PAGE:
Students at the institute come from poor backgrounds and most of them are 
the first ever in their family to aim for university.

"My mother worked very hard washing clothes, selling food on the street. 
She couldn't finish primary school, but made sure all her kids completed 
secondary education. I was working from an early age, helping my mother," 
says Karina.

George Oliveira's future also changed thanks to the BIKO institute. When he 
arrived there he had abandoned his studies and was working, like everyone 
else in his family, as a cook.

Today he is studying economics at university. He is convinced his country 
has to overcome what he says is a disguised form of apartheid.

"There are no laws here saying this place is for whites only and that place 
is for blacks only, but if you go to the rich neighborhoods you see whites 
and if you go to the slums you see mainly blacks.

"Even in the media, the soap operas seem to depict life in Europe rather 
than Brazil."

The education ministry acknowledges that the exclusion of black students is 
a serious problem in Brazil.

ELIEZER PACHECO, president of the National Institute of Educational 
Research, says:

    * "Poverty in Brazil has a color, and that color is black. That is why 
the Ministry of Education has been strongly defending the introduction of 
quotas for black students at university. Even though universities are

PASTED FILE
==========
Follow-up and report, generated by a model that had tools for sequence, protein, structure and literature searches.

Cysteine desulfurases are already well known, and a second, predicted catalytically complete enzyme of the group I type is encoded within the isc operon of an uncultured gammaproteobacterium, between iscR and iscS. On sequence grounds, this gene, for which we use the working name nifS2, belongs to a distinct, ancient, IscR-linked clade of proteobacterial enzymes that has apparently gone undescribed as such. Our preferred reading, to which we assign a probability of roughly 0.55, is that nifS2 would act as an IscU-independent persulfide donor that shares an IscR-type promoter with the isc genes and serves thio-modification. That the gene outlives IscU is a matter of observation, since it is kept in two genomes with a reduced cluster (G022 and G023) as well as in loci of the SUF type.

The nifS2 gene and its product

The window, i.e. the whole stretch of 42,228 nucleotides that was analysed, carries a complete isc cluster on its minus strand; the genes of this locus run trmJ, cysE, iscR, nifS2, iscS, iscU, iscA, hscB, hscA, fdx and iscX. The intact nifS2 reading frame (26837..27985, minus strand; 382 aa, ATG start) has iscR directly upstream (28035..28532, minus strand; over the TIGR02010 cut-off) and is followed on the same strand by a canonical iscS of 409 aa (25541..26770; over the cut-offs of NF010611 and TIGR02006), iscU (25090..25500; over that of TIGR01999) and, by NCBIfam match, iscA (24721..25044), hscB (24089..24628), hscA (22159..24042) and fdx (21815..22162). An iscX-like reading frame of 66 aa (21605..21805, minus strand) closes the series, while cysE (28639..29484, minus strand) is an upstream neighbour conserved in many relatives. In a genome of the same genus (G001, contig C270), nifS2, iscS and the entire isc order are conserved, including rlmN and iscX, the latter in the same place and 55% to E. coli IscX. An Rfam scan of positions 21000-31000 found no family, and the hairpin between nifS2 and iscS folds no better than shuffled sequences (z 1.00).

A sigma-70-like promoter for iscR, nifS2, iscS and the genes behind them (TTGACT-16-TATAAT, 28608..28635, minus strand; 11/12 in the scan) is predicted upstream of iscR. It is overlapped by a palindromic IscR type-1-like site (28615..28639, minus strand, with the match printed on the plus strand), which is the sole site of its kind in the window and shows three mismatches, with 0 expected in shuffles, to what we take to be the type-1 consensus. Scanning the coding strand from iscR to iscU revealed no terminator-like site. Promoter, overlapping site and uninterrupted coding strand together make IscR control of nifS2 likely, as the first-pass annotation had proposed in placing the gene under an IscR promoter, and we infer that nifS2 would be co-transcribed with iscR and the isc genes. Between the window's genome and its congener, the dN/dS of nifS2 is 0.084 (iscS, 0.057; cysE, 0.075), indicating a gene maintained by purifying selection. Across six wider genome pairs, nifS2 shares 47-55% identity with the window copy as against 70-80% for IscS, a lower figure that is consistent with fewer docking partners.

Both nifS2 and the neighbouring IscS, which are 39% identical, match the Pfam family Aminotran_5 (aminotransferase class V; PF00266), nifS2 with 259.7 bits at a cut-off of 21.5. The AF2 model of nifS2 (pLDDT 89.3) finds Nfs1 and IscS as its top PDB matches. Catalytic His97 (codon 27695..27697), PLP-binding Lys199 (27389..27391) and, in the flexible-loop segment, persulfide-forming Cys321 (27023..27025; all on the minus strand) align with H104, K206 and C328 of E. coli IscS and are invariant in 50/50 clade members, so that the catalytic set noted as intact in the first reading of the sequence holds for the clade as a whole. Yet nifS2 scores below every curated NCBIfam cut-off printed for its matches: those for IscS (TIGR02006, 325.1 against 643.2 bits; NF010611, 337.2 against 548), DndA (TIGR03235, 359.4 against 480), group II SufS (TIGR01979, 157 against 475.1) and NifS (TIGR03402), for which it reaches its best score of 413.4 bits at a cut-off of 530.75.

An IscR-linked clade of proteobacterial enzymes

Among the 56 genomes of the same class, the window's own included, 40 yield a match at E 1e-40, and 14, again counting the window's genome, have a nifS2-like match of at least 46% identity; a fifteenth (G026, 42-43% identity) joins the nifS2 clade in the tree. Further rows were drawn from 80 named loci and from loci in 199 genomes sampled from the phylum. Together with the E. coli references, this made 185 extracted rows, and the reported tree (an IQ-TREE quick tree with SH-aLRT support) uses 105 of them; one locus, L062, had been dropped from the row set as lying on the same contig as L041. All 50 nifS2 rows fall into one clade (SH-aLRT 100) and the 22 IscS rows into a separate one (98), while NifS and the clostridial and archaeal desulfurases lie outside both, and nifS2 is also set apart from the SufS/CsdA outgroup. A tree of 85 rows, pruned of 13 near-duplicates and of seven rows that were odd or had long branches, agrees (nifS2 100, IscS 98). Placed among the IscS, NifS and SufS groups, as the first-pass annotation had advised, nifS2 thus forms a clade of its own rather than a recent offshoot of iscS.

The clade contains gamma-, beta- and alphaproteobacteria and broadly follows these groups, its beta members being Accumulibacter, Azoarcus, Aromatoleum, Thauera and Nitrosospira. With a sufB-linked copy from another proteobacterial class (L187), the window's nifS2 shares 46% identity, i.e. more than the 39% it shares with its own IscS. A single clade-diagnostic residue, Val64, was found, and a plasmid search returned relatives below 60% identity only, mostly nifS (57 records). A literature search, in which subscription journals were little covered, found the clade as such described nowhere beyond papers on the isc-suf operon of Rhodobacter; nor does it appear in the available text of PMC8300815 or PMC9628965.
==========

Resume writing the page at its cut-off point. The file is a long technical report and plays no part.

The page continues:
autonomous according to the constitution and there is a lot of resistance, 
some universities have started adopting this system."

The BIKO institute enrolls about 300 students a year, of whom about 35% 
enter university.

Deep down the message remains like a delayed time bomb: education is the 
---Lazaro Passos

I put it to Lazaro Passos that this is a low success rate.

"Students come here after 11 years of bad schooling, often with their 
self-esteem at rock bottom. We reach out to human beings and that's what 
matters. We always leave our mark.

"Often we meet former students who after many years are back at their 
studies. Deep down the message remained like a delayed time bomb: education 
is the answer".

The legacy of Steve Biko has empowered people like Karina and George.

Karina is making sure her five-year-old son grows up proud of being black.

George, the first of his family to enter university, wants to become a 

For Lazaro Passos, what is at stake is not only the future of students such 
as George, but the development of Brazil.

"If there are no black students at university then we are excluding minds 
that could be thinking up a new and more competitive Brazil," he says.

"It's not only a loss for the black population, but for the whole of this 

If blacks don't have access to university then Brazil is excluding 45% of 
its own people."






BIKO, STEVE: ‘I WRITE WHAT I LIKE’: Selected Writings.
Edited by Aelred Stubbs, C.R.
Introduction by Malusi and Thoko Mpumlwana.
Preface by Desmond Tutu.

240 p. 5-1/2 x 8-1/2 1978, 1996, 2002
Paper    CUSA    $17.00sp    0-226-04897-7    Spring 2002


"The most potent weapon in the hands of the oppressor is the mind of the 

Like all of STEVE BIKO’S writings, those words testify to the passion, 
courage, and keen insight that made him one of the most powerful figures in 
South Africa's struggle against apartheid. They also reflect his conviction 
that black people in South Africa could not be liberated until they united 
to break their chains of servitude, a key tenet of the Black Consciousness 
movement that he helped found.